In the older days, when only sails were carried to travel the Oceans, seamen were much more superstitious then nowadays. Prior to modern navigation equipment and mechanic propulsion, these sailors definitely had good reasons for it too. Out of fear for the unknown during their perilous voyages all kinds of superstitions were embraced to keep seaman safe from death, illness, and sea monsters.
Personally, I am not religious but must confess that I did learn praying at sea. I want to share some of these traditions and beliefs which captured my curiosity.
Sailor tattoos were then more than ever a talisman, a reminder of a triumph, a milestone or achievement in ships-life.
When a sailor accumulates his first 5000Nm a tattoo of a SWALLOW on the chest symbolises the achievement. Irrefutably, swallows are known to come home to their nest, year after year, after long migrations. Therefore, this tattoo symbolizes the hope that one always will finds his way home again. A second swallow is added on the chest after this mileage has been doubled. Once wearing one swallow on each chest, no more swallows are added, but for every additional 5000Nm the swallow will release a tear as it seems to have a hard time finding its way back home. After two tears per swallow one should realize that home is far from the sea… Also, when a shipmate is lost at sea, a dagger is drawn through the swallow.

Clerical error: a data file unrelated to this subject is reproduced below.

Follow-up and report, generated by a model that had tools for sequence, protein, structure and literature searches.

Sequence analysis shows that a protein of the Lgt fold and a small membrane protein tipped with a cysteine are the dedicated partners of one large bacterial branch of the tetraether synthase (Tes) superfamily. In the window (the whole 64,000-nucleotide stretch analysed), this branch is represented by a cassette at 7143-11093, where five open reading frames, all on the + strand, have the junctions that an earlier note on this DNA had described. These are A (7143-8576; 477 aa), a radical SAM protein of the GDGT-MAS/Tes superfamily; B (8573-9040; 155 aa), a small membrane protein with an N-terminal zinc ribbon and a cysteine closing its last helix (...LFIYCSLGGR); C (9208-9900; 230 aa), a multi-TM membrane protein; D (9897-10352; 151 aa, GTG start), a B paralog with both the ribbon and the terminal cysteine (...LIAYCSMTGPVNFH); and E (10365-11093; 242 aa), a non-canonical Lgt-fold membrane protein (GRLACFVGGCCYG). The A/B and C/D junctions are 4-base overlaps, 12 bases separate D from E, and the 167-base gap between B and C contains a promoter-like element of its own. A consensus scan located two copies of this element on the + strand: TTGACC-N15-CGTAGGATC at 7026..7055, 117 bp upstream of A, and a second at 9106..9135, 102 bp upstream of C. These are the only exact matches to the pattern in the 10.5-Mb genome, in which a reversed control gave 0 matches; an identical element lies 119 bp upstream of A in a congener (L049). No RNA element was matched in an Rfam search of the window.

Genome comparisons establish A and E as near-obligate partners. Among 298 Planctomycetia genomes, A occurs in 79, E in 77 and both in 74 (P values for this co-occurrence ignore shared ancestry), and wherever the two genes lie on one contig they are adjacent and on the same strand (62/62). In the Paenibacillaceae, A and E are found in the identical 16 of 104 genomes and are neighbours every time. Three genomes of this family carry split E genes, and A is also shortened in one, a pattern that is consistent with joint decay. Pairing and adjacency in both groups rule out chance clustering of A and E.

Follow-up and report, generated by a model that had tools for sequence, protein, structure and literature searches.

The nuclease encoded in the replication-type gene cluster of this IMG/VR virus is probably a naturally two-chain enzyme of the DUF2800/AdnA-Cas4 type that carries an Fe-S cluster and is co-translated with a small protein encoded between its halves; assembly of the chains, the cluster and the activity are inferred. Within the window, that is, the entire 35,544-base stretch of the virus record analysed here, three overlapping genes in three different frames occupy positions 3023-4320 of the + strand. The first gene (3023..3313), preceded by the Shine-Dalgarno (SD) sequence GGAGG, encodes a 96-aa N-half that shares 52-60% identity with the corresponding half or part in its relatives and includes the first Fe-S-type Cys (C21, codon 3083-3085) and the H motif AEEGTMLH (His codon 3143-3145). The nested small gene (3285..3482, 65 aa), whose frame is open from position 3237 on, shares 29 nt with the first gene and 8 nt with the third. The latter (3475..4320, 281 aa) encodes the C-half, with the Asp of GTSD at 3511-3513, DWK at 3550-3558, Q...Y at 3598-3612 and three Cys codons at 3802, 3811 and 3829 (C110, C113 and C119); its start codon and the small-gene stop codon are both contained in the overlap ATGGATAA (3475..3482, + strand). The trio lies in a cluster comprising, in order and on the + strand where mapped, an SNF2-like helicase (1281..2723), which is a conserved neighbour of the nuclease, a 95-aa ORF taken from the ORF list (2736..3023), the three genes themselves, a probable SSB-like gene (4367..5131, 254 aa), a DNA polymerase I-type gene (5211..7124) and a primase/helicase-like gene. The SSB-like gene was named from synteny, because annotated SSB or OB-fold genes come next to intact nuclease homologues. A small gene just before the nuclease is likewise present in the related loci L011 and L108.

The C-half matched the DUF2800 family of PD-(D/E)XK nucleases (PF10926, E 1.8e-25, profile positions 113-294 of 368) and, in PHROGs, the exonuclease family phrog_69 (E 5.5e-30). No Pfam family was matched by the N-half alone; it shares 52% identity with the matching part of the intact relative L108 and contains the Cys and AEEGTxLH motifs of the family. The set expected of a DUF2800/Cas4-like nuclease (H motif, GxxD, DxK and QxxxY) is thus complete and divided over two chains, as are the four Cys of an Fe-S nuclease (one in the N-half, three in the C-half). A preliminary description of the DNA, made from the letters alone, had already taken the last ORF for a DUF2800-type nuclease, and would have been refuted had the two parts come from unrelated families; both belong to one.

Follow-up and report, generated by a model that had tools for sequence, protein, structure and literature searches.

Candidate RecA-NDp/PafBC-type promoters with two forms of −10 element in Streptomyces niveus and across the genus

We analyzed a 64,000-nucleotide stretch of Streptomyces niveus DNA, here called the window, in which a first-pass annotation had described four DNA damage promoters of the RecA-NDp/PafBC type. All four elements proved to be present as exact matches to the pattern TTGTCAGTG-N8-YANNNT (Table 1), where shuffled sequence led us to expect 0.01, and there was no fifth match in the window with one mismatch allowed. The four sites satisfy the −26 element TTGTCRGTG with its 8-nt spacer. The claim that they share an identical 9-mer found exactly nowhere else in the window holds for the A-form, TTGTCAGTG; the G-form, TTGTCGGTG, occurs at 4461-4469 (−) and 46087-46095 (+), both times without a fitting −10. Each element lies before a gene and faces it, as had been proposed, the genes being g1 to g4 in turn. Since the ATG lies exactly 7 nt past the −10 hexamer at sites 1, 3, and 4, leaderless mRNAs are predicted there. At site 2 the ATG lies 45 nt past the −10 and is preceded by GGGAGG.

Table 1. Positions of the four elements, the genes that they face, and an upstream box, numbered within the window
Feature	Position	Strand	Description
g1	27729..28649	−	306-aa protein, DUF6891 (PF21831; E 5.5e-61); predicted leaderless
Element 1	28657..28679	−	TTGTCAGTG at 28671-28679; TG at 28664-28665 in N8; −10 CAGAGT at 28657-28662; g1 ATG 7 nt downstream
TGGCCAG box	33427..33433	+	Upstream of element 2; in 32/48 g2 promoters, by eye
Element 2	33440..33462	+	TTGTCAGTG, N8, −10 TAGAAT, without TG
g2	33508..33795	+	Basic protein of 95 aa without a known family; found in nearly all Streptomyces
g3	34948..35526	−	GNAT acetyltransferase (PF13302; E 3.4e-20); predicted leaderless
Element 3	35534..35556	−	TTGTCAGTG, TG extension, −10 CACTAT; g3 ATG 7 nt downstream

Other “achievement tattoos” are a SHELLBACK TURTLE for the equator crossing, an ANCHOR when crossed the Atlantic, a COMPASS when crossed the Pacific, and a FULL-RIGGED SHIP when rounded the Horn. On the East-side of the globe a GOLDEN DRAGON is the tradition when crossing the International Date Line.